The grandeur of dance, drama and music came alive in ‘Shyama’, an experimental retelling of Rabindranath Tagore’s acclaimed play, organised by Darpan Dance Academi in association with the state government’s Directorate of Cultural Affairs at the Rabindra Bhawan recently. The dance drama, translated into Assamese from original Bengali by Madhurima Baruah, was designed, directed, choreographed and performed by noted Odissi exponent Anjana Moyee Saikia, who blended the flavour of Tagore’s essence with her own style of presentation.
One of the classic romantic tragedies of Indian literature, the story set against the backdrop of an old kingdom, revolves around the central character Shyama, a courtesan, who yearns for freedom of her beau Bajrasen, who has been wrongly accused of a crime, and her secret admirer Uttiyo. Bajrasen, a foreign merchant, who brought the ‘Indramani’ necklace (a necklace of rare emeralds from the Subarna islands) with the intention of gifting it to his soul mate whom he has never met. Levelled with charges of theft from the royal treasury, the ‘Nagar Kotal’, the King’s guard chains up Bajrasen and forcibly takes him to the prison. Shyama has a glimpse of him from her palace window and falls in love with him at first sight. Following the accusation, she finds her own way to rescue him, and persuades the Kotal to spare Bajrasen. Noticing her concern for him, Bajrasen realises that she is the girl of his dreams.
On the other hand, Uttiyo who is infatuated with Shyama, comes to know that she is seeking someone valiant enough to rescue Bajrasen from the injustice. Uttiyo, who has never expressed his affection to Shyama, makes up his mind to take the blame on himself. Being blinded by her love for Bajrasen, Shyama grabs the opportunity and gives Uttiyo a ring which the King had given her. Showing the ring as a proof for the alleged theft, Uttiyo surrenders before the Kotal and finally sacrifices his life.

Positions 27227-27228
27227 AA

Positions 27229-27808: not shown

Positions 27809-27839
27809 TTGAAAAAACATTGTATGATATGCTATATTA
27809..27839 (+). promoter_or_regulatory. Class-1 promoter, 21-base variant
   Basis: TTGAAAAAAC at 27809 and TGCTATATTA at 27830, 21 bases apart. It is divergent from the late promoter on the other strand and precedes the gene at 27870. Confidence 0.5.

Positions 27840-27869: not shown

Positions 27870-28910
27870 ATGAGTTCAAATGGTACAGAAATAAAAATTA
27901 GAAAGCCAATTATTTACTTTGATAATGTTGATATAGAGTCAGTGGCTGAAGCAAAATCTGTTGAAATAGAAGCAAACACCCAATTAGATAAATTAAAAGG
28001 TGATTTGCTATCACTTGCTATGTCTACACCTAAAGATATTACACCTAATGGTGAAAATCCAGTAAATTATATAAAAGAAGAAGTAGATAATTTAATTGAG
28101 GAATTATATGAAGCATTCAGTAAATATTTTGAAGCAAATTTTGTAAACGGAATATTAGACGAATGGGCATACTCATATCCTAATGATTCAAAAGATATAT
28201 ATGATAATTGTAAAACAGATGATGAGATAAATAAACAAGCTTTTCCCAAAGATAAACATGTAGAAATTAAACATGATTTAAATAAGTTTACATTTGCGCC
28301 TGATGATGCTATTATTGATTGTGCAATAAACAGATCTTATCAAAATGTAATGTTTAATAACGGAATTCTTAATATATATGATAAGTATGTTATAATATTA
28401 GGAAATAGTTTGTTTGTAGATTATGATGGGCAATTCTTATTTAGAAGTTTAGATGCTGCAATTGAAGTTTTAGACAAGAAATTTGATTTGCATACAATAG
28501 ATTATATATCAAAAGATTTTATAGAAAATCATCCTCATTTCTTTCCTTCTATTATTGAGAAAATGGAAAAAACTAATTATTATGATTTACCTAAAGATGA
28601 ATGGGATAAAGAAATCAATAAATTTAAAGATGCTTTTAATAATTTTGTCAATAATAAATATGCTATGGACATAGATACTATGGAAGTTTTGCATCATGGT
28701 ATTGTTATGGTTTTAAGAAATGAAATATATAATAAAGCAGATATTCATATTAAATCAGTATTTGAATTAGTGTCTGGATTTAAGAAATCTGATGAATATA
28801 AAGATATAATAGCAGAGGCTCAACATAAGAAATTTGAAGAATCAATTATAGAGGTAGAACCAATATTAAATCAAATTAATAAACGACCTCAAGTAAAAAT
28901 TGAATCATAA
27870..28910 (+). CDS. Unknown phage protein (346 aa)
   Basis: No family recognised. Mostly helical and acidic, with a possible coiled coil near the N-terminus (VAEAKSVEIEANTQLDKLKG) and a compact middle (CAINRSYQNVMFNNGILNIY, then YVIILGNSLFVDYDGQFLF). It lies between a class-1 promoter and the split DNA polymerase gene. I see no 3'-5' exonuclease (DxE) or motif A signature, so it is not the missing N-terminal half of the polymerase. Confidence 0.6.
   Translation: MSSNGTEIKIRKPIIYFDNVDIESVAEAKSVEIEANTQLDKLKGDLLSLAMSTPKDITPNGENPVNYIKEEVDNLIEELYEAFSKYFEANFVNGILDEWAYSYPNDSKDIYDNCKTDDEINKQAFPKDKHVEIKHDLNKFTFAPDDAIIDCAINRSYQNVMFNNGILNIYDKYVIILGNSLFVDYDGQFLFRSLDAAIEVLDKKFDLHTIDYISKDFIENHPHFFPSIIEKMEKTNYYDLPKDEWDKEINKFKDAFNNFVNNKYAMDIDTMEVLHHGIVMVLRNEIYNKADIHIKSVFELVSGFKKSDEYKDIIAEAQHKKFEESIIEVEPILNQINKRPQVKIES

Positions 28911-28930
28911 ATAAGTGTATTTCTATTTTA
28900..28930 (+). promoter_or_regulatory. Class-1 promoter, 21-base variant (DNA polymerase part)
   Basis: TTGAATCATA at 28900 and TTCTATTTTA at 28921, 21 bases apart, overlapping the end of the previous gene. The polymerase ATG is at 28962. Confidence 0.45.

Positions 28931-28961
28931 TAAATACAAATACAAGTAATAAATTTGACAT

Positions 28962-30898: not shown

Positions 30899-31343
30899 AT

Bajrasen, who is initially delighted to be free from the false allegations, becomes quite curious to know how Shyama managed to secure his freedom. When the truth of Uttiyo’s sacrifice becomes known to him, he immediately abandons her.
Between happiness and sadness, love and revulsion, Bajrasen begs the Almighty to forgive his loneliness, and inability to forgive Shyama and save Uttiyo. The philosophy behind such a prayer to the Almighty reflects the fact that we all want forgiveness when we ourselves are unable to dispense it.
With colourful choreography that saw the incorporation of various dance styles, and stellar performances by Anjana Moyee Saikia and other artistes, the play deftly captured the tragic mood of the drama, leaving the audiences mesmerised.
‘Shyama’ is one of Tagore’s later plays which he developed into a full-fledged dance drama. It was first staged in Calcutta in 1936 and had since been accepted as one of the bard’s most popular musical tragedies that has endured the test of time.
A prolific dancer in both Odissi and Sattriya, Anjana Moyee Saikia took the character of Shyama to a glorious high. The play saw Saikia and other artistes perform to some of Tagore’s famous songs in Assamese, much to the delight of the audiences. The music by Tarali Sarma brought a different flavour to the presentation. The supporting cast of artistes include Sasanka Samir (Bajrasen), Tapan Kumar Baruah (Uttiyo), Bijit Kumar Das, Debajit Deka, etc. The dance numbers were performed by Roopchanda Sarma, Shyamalima Das, Banalata Baishya and Samragyee Kashyap. Light design by Kaushik Borbora made the adaptation a visual treat and the play was well supported by the music design of Yachinur Rahman.